Weekly Update- March 25

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Nearly two weeks into our new homebound lifestyle, we decided we needed a schedule. It’s been surprisingly helpful- Alice particularly likes to find where we are in our day to judge when her next snack or chance to play on the tablet will be, and everyone seems to respect the schedule. “Sorry! I can’t play now. It says I have to do chores,” I can say, and the kiddos seem to believe that the schedule has me in its hold. It also seemed very necessary to re-institute “quiet time” and to have more formal “school” activities for Alice. Alice is not into being unschooled. She wants worksheets! Activities! Schedules!

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Before it turned into winter again, we used a couple nice days to work more in the yard and garden. Philip built me a little cold frame and I’ve planted lots of hopeful spinach seeds out. Today my order of seeds arrived in the mail and I have big, big plans for this summer.

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While on some level I have more time than I usually do, it seems to be filled pretty quickly. Has anyone else noticed that when everyone is home all day there are about 200 times more dishes? Every few days I bake bread or something for breakfast, and it always gets eaten faster than I expect. Everyone always wants to “help” with everything, so we brought back out the learning tower, and even though I reliably stub my toe on it at least once a day I’ve come to see it as an essential item for sheltering in place with little kids. Other items on that list that come to mind: rain pants, lots of pajamas, stacks of paper.

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We’ve got lots of flour and butter and beans and rice, a big backyard, a washing machine in the basement, and a salary. I’d say we’re pretty lucky.

Hope you’re all staying home!

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Spring Cardigan

 

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I’m so thankful to have had this cheerful little sweater to work on the past few weeks. I always like to make Alice a spring sweater and this one turned out so great. The pattern, Granny’s Favourite, designed by Georgie Nicolson, is a wonderful pattern. I love it when a wide range of sizes and options are included- Alice has aged out of many of the toddler patterns I’ve used over the years but this pattern will last for some time to come.

I knit this with about 2 1/2 skeins of Quince and Co. Chickadee in the “Shell” color. I love Quince and Co. yarns so much- they are soft but sturdy, and they are so nice and crisp when knit up. And the colors! Ah! Alice chose this color herself, but I heartily approved.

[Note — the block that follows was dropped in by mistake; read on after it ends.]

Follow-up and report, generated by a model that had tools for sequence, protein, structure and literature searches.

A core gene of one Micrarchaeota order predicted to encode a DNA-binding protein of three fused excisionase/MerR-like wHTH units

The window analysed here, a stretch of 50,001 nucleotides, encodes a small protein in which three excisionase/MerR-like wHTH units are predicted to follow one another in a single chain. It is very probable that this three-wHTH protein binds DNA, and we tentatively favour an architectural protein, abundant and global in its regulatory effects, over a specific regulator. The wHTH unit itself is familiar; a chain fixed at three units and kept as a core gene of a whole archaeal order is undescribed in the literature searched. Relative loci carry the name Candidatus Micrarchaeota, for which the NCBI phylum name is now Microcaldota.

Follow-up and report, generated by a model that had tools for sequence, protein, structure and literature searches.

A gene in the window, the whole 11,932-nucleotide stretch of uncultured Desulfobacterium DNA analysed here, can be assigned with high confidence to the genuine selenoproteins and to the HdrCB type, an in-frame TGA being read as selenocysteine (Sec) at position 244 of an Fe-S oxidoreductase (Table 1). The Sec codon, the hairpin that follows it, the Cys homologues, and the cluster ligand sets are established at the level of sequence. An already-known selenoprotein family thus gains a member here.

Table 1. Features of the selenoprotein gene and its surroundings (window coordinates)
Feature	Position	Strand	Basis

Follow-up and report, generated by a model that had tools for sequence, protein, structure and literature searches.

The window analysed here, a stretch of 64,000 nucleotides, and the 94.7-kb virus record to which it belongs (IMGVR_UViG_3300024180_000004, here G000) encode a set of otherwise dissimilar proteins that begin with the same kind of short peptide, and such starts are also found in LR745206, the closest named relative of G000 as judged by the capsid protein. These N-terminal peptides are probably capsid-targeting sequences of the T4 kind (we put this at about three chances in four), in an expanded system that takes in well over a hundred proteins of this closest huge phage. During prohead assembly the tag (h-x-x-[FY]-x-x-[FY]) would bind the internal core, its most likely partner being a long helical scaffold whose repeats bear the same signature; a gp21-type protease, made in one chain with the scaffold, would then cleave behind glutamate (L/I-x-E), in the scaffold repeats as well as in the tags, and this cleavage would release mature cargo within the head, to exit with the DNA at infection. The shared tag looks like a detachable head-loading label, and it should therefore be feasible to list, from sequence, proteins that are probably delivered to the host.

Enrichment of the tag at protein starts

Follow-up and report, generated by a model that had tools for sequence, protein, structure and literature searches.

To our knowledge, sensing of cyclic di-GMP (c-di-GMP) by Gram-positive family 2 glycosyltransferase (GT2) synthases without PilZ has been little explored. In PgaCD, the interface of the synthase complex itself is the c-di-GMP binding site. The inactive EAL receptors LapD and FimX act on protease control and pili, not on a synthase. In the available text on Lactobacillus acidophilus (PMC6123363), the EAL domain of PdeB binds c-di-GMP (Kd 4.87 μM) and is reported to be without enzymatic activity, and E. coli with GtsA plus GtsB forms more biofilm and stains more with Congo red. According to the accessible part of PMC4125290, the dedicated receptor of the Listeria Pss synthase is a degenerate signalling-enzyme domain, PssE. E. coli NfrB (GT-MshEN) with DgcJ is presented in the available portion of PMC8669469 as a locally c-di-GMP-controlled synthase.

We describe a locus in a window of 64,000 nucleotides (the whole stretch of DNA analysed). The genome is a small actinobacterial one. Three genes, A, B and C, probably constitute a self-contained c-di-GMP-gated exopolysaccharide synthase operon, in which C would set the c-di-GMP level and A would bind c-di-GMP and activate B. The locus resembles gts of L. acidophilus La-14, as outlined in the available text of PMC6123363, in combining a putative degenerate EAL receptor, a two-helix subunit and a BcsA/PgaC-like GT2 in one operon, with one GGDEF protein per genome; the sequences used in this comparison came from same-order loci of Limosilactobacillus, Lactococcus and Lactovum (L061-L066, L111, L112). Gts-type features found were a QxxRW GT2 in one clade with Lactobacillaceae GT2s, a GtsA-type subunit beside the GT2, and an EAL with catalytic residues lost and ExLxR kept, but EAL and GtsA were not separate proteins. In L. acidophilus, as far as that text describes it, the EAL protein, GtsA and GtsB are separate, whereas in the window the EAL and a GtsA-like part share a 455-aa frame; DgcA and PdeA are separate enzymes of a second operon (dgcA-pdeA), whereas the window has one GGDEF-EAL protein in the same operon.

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I used the 23 inch chest size for Alice (I believe that was suggested for age 2 or 3) but used the dress length guide for the 5 year size. It fits just as I hoped it would- Alice is fairly petite and doesn’t like things overly large. If I were to make it again, however, I think I would either make the sleeves 3/4 length or short. I went for elbow length, which I think is adorable, but I can tell by her tugging on the sleeves that Alice would be a bit more comfortable if the sleeves hit at a different spot. Still, I know that in a few months it will fit differently, so I’m not overly concerned.

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Alice instantly dribbled clementine juice all down the front, and there’s no nursery school or church or storytime to wear it to, but it will keep her shoulders warm and adorable and comfy, and that’s what matters most.

Corona-cation Week One

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In these new days of social distancing and self-isolating, it seems like a pretty good time to get back to the old blogging ways. We’re taking these things pretty seriously (may I recommend this article?) and are adjusting to the idea that our usual daily out-of-house activities are cancelled indefinitely. Here in central NY almost everything is closed (no church! no library! no nursery school! no college! no gym!) so we’re slowly embracing the idea that we’re going to have a lot more time around the house. Thank heavens it’s a mild March and we can get outside almost every day…and thank goodness we moved to a larger house with a big backyard last summer.